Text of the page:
Bird Watcher's General Store

“A Cape Cod Destination Icon For 40 Years”

The Birdhouse Nature Cam, Part 1

Dear Bird Folks,

A few weeks ago you wrote a column about those “stick-on-the-window birdhouses,” which are advertised on TV. In the column you said that kind of birdhouse is a bad idea and we would be better off not investing in them. Today I saw an ad for a tiny camera that fits into a birdhouse. The camera lets people watch the birds’ nesting activity on their TV. Are you familiar with this product? Also, did you get any flack from the company that makes the window birdhouses?

– Stan, Northbridge, MA


No, I didn’t, Stan,

I didn’t hear a word from the company that makes those crummy window birdhouses, but thanks for reminding them about it. After writing that column I was worried some hotshot lawyer from the birdhouse company was going to call to “have a few words” with me. Every time the phone rang I was afraid to answer it, much like I am on April Fool’s Day. But so far the phone has been quiet, and that’s just the way I like it.

We have sold tiny birdhouse camera kits for years, or at least we have had them on the shelves. (They aren’t really a hot item.) Every spring I tell myself that I should take one home and try it. That way I would know if it works or not. Last spring I started the process. I took one home, but then lost it. I looked everywhere. The entire summer passed before I found it again. Where was it? I had mistakenly put my velvet smoking jacket on top of the camera kit and didn’t rediscovered it until this spring, when I was taking my smoking jacket to the cleaners. (BTW: For you kids out there, I don’t smoke. Smoking is not good. In fact, I don’t even have a smoking jacket. The garment that I actually put on top of the camera was the pair of sweatpants I wear when I work out. I just wrote smoking jacket because I didn’t think anyone would believe that I actually worked out.)

In front of my bedroom window is a birdhouse and the same pair of chickadees have used this house for the past twenty years. (I realize that chickadees don’t live for twenty years, but my wife thinks it’s the same pair, so I agree. It’s just easier that way.) I attached the tiny camera to the inside of the nest box, ran the wire into my bedroom, plugged it into the TV, turned it on and much to my astonishment, it actually worked. I was stunned. I was even more stunned when, ten seconds after turning on the camera, a chickadee stuck its black and white head inside the birdhouse and appeared on my TV. Wow! It was very cool. And it was about to get even cooler.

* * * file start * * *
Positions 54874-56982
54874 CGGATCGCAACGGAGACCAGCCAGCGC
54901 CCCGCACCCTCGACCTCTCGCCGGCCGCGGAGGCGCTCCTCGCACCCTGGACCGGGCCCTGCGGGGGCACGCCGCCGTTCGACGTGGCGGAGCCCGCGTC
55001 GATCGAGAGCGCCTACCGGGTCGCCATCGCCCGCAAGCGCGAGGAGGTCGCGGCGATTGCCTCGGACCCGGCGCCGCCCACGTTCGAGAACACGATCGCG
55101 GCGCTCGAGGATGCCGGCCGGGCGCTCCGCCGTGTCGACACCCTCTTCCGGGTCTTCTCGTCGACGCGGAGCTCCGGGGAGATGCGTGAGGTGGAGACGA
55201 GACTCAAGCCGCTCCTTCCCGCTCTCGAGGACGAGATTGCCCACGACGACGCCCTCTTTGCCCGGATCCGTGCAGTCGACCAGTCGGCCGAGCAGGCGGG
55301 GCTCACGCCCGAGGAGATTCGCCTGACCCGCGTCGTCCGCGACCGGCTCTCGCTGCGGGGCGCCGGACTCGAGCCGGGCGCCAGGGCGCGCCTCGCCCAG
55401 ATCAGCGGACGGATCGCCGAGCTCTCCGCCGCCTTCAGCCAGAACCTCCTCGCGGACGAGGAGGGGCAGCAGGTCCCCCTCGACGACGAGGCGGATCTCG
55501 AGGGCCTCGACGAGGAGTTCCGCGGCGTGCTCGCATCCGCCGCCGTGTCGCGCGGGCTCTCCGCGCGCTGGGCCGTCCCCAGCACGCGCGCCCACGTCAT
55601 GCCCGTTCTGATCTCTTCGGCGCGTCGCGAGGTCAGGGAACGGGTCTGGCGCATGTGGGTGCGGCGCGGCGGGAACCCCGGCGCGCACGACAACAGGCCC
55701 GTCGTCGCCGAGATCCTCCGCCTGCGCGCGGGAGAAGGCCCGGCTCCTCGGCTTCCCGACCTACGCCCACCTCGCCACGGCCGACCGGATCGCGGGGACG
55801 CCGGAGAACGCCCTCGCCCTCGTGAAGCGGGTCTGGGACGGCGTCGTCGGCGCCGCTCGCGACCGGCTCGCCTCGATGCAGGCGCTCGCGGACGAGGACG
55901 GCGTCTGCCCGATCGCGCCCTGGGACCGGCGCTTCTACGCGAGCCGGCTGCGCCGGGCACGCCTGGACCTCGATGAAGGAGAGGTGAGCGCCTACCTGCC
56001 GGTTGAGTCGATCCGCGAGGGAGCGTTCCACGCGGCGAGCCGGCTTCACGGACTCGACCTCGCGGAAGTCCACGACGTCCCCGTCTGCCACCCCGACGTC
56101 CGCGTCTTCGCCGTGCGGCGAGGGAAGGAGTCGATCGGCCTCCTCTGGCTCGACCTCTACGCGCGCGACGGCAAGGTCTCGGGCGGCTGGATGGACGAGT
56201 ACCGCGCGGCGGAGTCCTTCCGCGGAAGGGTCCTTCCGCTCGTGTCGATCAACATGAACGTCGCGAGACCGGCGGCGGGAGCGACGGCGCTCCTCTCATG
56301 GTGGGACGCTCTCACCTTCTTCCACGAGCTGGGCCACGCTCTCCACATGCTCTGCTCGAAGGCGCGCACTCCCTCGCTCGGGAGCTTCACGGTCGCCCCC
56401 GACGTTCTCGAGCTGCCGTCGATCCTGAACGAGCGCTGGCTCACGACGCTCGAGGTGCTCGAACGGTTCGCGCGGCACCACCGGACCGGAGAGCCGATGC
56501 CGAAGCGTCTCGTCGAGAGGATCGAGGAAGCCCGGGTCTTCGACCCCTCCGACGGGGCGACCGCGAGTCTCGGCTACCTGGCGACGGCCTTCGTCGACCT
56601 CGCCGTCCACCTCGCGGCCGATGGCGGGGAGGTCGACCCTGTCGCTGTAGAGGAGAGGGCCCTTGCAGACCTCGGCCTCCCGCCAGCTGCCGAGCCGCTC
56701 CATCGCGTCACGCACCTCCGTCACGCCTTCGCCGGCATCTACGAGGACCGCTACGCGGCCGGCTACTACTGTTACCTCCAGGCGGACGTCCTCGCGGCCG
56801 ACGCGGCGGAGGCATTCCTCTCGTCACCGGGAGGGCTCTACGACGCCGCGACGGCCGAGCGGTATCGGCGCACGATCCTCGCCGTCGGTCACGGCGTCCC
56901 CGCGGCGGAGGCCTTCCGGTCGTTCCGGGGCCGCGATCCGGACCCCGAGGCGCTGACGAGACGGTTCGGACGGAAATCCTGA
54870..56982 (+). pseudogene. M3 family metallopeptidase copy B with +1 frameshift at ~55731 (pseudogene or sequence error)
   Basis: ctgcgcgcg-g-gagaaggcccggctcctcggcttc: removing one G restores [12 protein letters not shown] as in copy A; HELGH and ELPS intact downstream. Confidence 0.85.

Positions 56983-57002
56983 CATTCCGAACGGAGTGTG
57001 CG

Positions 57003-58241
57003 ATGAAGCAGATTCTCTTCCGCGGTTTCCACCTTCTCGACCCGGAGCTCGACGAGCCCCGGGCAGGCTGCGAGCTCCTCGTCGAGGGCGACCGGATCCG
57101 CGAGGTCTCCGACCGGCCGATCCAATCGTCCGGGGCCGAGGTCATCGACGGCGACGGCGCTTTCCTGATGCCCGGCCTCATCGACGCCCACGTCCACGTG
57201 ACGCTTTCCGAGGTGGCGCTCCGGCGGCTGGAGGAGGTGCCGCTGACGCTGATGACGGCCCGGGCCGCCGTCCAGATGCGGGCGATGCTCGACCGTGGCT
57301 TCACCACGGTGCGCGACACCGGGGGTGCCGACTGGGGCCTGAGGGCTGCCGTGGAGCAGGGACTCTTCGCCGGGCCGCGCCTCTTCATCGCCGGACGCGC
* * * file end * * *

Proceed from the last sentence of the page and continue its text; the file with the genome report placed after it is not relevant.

For the next few weeks we watched as the female brought soft moss and other nesting material into the box. Each time she brought in new moss she would tap the floor of the nest with her beak. It was a strange ritual, but I’m guessing she was trying to gauge the thickness of her nest. (Either that or she was trying to obtain her proper Sleep Number.) Then, using her wiggling body as a mold, mama chickadee turned the moss into a perfectly round nest cup. (FYI: The males don’t help with the nest. They are way too macho to do any of that wiggling-body stuff.) Then we waited. Would there be eggs? For days the nest stayed totally empty. No signs of the female. What happened? Had she abandoned us? Should I call that guy at the bird store and ask him what had happened? He knows everything. But then it hit me: it was the weather. Remember how cold and nasty this spring was? I think the female was simply waiting for things to improve before she laid her eggs. So, I didn’t call the guy and my theory proved correct.

Eventually, the weather improved and the female chickadee returned, spending each night in the box. At this point we were leaving the nest camera, which also works in the dark, on all night. (It was our idea of action in the bedroom.) Then, early one morning, I heard the mama bird make a chicken-like sound and when she left the box there was an egg. Yay! After I got dressed, I called the rest of the family to come see the egg. But by the time they all arrived, the egg was gone. What? They all said, “Dad, is seeing imaginary objects again.” Two days later, I saw three eggs. Once again I called the family and once again they saw no eggs. What the heck? Who keeps stealing the eggs? This time I really did call the guy in the bird store. He’s so nice and super smart (not to mention good looking). The bird store guy told me not to worry. Quite often the female covers her eggs when she leaves the nest. He was sure all the eggs were still there. A few days later his words would prove to be 100% correct. (I told you he was super smart.)

Over the course of the next week the female laid a total of six tiny chickadee eggs and only when the last egg was laid did she stop covering them up. Now she sat tight, only leaving the box briefly when the male brought her food. If I woke up in the middle of the night, I would always look at the TV to see what was going on in the nest. Sometimes mother chickadee was asleep, but often she was busily rotating her eggs. She instinctively knows that proper egg rotation was needed to ensure that all the eggs warmed evenly. The incubation lasted one week and then two, and still no chicks. Like any expectant father, I began to worry. Then one afternoon, as I was closing my shop, I got a call from my wife. She told me that something was going on with the eggs. I told her to boil some water and I’d be right home (if I didn’t get stopped for speeding on the way). When I got home…oops, out of room. I’ll finish this next week.